What Everyone Needs to Understand About Bail Hearings

Despite the ubiquitous references to it in pop culture, bail might be one of the most poorly understood aspects of the criminal justice system. 

While most people are familiar with the basic concept — when someone is charged with a crime, a decision must be made as to whether they will be held or released— the bail process itself is more complicated than you might think. 

This is because many factors can play into whether or not you receive bail and the conditions that are attached to bail when it is granted, including the severity of your crime and your history with the justice system. 

If you are charged with a crime, you must have a bail hearing within 24 hours, and it is always a good idea to have an experienced criminal lawyer who can fight for your legal rights during the bail hearing to ensure you receive fair treatment. 

In order to better understand how bail hearings impact criminal cases, here are three things everyone should know about how the system works. 

1. Bail Does Not Necessarily Require a Formal Hearing 

In situations where a person has been charged with a low-level offense and doesn’t have an extensive criminal record, the police have the discretionary power to release the individual who has been charged so long as they promise to appear in court on their scheduled date.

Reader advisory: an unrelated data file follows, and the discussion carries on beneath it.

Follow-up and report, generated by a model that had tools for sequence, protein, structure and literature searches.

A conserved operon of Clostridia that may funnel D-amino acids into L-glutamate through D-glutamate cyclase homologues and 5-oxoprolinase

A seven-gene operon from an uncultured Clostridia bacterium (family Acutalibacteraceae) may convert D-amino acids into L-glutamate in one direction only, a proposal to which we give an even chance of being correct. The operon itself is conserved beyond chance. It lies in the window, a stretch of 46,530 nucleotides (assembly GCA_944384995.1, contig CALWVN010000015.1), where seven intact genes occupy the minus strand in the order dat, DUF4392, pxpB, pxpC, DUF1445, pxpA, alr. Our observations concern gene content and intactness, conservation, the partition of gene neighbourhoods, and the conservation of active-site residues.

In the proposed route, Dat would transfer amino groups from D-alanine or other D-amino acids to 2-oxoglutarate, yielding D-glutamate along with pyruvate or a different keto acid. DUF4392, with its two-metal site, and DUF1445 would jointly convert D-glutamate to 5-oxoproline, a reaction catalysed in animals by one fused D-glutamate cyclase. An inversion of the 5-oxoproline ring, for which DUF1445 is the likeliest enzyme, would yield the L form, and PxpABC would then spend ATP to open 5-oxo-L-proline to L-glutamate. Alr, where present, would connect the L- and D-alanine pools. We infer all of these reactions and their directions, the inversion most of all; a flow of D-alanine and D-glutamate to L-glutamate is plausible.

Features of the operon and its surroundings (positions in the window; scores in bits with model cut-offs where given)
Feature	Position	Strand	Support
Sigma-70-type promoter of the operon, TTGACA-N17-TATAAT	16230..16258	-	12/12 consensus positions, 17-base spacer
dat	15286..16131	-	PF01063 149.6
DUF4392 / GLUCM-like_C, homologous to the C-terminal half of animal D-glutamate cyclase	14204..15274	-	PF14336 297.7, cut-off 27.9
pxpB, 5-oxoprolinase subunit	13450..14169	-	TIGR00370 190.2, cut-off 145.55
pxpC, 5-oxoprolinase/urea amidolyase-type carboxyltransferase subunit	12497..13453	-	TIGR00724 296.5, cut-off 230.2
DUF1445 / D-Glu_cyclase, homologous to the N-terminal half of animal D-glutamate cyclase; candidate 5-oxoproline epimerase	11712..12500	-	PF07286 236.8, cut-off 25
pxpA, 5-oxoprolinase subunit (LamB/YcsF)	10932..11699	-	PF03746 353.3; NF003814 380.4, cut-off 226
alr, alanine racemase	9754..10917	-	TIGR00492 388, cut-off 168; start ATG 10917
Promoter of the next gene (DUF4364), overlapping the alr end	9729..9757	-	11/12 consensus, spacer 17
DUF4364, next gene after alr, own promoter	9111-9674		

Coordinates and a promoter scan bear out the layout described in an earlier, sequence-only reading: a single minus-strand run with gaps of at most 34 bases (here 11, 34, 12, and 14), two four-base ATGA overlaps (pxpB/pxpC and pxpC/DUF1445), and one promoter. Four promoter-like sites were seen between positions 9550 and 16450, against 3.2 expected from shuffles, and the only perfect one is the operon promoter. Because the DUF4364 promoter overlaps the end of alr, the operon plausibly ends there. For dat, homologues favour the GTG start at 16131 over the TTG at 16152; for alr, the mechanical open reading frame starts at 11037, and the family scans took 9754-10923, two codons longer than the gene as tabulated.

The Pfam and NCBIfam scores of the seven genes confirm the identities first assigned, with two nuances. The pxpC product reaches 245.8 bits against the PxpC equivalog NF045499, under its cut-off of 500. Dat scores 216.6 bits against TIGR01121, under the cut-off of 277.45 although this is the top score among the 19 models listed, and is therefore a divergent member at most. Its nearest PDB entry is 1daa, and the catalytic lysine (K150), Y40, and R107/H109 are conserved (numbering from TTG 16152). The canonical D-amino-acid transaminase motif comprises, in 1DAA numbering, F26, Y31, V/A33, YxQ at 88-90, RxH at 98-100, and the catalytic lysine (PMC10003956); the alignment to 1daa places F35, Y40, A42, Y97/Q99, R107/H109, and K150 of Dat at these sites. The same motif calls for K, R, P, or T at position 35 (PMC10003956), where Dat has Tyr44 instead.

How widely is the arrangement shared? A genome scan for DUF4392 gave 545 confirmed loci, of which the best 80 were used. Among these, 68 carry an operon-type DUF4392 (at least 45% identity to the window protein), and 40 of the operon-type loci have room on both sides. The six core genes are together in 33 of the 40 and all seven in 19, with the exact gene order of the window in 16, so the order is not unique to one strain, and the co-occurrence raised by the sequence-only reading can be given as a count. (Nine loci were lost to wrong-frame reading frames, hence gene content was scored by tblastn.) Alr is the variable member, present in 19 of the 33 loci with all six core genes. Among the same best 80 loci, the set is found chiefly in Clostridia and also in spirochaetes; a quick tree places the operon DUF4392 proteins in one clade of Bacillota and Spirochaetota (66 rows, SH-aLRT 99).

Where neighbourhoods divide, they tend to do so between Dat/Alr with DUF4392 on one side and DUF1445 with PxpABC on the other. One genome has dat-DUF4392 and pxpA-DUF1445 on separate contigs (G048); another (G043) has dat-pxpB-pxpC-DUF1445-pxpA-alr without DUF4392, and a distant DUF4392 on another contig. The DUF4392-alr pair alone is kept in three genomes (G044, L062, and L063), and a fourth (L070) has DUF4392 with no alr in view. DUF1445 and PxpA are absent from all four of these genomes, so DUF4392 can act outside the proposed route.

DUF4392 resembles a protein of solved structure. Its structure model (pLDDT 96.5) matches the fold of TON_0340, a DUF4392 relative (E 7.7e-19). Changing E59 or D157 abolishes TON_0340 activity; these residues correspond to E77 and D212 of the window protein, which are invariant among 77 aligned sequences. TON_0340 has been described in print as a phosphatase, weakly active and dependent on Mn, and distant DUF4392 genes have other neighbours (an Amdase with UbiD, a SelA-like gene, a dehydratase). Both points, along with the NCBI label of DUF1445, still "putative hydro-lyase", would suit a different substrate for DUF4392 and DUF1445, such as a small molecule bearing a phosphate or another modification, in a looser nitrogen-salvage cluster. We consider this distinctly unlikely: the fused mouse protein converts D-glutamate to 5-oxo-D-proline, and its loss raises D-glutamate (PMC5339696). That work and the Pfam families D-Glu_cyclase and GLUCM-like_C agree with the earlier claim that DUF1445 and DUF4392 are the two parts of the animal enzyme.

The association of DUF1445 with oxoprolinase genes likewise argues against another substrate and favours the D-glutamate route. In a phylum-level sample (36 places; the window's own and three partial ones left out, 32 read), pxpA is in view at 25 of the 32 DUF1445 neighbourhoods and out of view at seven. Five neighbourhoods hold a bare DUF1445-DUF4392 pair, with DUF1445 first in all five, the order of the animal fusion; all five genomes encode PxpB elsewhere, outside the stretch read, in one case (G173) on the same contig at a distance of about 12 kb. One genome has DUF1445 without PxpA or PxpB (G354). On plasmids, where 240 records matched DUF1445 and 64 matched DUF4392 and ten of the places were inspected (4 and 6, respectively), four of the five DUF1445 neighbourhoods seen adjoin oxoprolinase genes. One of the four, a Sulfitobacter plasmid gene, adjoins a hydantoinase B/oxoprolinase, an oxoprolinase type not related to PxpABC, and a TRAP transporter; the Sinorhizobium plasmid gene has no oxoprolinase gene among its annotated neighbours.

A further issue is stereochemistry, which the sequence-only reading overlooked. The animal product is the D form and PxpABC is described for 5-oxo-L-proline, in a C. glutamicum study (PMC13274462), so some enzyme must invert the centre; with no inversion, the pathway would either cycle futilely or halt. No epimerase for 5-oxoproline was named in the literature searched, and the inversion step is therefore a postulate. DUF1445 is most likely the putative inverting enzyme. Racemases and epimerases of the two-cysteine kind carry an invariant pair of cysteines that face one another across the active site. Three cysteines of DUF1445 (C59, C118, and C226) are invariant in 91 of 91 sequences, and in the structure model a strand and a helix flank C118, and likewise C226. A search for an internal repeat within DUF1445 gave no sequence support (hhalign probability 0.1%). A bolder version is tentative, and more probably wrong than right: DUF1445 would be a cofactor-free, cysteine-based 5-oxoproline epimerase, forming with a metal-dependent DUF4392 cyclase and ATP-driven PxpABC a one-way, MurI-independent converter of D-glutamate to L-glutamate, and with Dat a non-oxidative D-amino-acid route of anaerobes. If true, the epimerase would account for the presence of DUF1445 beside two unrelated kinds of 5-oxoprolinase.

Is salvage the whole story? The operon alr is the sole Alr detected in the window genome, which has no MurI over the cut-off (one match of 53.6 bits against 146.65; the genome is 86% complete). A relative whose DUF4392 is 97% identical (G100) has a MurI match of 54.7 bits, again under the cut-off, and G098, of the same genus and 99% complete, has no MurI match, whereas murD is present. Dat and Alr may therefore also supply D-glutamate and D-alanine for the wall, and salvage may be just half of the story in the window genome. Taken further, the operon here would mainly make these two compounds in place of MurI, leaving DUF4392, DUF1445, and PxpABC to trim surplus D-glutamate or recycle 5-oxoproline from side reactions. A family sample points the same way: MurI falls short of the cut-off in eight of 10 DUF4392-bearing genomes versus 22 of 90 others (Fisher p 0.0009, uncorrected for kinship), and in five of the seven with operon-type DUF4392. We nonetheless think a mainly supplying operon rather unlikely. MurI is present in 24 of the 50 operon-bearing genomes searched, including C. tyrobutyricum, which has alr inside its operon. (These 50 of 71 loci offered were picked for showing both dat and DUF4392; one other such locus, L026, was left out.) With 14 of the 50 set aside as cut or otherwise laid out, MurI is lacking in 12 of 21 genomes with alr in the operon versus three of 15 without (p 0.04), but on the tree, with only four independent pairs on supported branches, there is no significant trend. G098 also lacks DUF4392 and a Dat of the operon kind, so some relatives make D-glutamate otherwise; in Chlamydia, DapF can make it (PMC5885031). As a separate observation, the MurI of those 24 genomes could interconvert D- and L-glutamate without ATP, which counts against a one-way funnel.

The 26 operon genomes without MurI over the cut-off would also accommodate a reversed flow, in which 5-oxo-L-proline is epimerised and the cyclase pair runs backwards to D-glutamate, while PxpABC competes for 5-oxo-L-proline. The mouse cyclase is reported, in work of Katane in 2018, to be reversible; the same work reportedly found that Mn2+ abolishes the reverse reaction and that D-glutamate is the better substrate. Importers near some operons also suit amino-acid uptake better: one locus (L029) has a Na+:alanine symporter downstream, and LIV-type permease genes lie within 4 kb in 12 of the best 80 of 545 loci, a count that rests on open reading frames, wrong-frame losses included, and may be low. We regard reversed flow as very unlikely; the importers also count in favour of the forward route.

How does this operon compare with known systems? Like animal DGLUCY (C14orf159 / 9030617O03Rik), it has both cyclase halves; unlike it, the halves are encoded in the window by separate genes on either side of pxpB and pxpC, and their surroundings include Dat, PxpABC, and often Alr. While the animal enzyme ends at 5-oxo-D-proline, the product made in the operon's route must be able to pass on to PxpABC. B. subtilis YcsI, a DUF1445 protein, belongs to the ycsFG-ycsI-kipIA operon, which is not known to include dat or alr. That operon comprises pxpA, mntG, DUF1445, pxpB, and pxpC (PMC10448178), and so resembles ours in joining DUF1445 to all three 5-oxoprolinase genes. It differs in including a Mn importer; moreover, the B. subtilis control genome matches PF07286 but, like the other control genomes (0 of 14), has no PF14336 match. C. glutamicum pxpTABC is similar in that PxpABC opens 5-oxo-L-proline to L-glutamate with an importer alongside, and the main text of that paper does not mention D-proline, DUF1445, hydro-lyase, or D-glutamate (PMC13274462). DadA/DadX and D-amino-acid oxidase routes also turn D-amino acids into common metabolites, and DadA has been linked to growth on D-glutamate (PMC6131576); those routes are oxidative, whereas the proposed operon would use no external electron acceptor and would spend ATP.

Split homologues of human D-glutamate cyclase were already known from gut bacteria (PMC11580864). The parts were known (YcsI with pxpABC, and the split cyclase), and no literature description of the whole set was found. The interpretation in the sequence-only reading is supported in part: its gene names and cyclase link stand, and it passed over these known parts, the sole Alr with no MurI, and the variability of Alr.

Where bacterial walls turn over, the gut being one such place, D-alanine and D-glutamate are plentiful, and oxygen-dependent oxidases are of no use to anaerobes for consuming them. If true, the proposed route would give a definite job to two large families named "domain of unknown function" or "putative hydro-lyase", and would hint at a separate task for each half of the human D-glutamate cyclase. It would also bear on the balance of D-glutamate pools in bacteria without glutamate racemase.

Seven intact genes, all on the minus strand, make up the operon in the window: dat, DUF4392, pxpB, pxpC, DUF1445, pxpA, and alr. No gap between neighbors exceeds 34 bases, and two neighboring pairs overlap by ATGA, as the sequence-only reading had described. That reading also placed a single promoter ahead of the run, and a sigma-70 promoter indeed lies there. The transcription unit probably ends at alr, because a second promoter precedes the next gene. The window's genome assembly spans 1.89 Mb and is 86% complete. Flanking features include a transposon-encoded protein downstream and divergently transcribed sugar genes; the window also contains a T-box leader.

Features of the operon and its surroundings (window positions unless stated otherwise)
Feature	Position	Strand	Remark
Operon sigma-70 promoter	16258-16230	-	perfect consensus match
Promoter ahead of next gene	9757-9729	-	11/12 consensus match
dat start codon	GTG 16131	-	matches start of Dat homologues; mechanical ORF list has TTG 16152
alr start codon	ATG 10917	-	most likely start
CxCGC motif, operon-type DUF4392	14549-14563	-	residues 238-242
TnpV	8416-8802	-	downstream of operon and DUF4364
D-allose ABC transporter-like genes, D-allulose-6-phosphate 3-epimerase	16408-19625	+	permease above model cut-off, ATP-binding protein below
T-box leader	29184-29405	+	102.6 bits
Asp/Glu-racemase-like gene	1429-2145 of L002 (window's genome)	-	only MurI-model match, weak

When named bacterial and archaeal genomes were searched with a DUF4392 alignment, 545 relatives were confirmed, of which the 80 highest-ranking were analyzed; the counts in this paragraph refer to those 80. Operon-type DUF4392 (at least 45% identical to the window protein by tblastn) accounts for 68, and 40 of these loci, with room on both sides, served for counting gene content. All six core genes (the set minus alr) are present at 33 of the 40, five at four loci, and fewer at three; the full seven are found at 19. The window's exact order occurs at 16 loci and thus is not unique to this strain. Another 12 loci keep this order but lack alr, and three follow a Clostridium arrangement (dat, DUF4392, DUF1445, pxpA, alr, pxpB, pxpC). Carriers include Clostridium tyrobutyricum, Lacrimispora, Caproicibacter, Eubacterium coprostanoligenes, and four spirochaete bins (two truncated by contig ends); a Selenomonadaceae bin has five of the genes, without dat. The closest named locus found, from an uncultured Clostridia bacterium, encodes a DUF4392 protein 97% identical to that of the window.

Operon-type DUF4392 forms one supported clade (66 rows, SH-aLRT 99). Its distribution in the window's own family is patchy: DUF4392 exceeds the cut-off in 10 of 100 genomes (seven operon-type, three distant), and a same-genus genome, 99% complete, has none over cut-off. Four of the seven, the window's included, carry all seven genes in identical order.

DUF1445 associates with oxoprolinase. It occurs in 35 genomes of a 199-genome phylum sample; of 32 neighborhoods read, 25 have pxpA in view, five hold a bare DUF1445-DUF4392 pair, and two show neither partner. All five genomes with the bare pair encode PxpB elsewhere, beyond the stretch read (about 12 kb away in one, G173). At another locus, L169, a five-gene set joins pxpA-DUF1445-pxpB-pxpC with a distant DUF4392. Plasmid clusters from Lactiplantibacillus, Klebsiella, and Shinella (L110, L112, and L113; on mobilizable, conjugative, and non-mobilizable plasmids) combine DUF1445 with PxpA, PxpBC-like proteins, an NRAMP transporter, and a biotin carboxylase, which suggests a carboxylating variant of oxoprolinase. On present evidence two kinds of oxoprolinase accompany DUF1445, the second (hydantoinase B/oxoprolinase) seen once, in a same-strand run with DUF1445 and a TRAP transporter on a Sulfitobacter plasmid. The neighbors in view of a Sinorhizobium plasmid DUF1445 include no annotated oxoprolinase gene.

This is sometimes called an appearance notice or a promise to appear, and it doesn’t require you or anyone you know to make a cash payment or post a bond (though you may have to abide by certain conditions).

2. In More Serious Cases, Restrictions Apply 

Generally speaking, bail is hard to secure if you meet one or more of the following criteria:

  • If there are concerns that your release will endanger others
  • If you are a repeat offender
  • If you are alleged to have committed or been involved in a violent crime
  • If you are deemed to be a flight risk
  • If the judge has reason to doubt you will make your court date

In many cases, however, it is possible to receive bail even if you are charged with a more serious crime as long as you pay a returnable deposit and abide by certain conditions and restrictions. 

3. Bail is Ultimately at the Judge’s Discretion 

Bail exists as a way of ensuring that a person charged with a crime won’t flee, disappear, or endanger the public while awaiting trial. When applied correctly, bail is beneficial to everyone — it allows the individual facing charges to continue to work and go about their life as normal until the trial, and it ensures that potentially dangerous criminals are kept in custody. 

But bail is ultimately a discretionary thing, and you stand a much better chance of securing bail if you have a good criminal defense lawyer who can make an eloquent argument for why you shouldn’t be held awaiting trial. 

Bail is an integral part of our justice system, and though it is not without problems, when it works properly, it ensures that people who pose no risk to public safety are not detained unnecessarily before they have their day in court. 

Unfortunately, in many cases bail is denied simply because the accused lacked the legal representation needed to make their case effectively. For this reason, it is always safest to ensure you have a skilled criminal defense lawyer to argue the case on your behalf.

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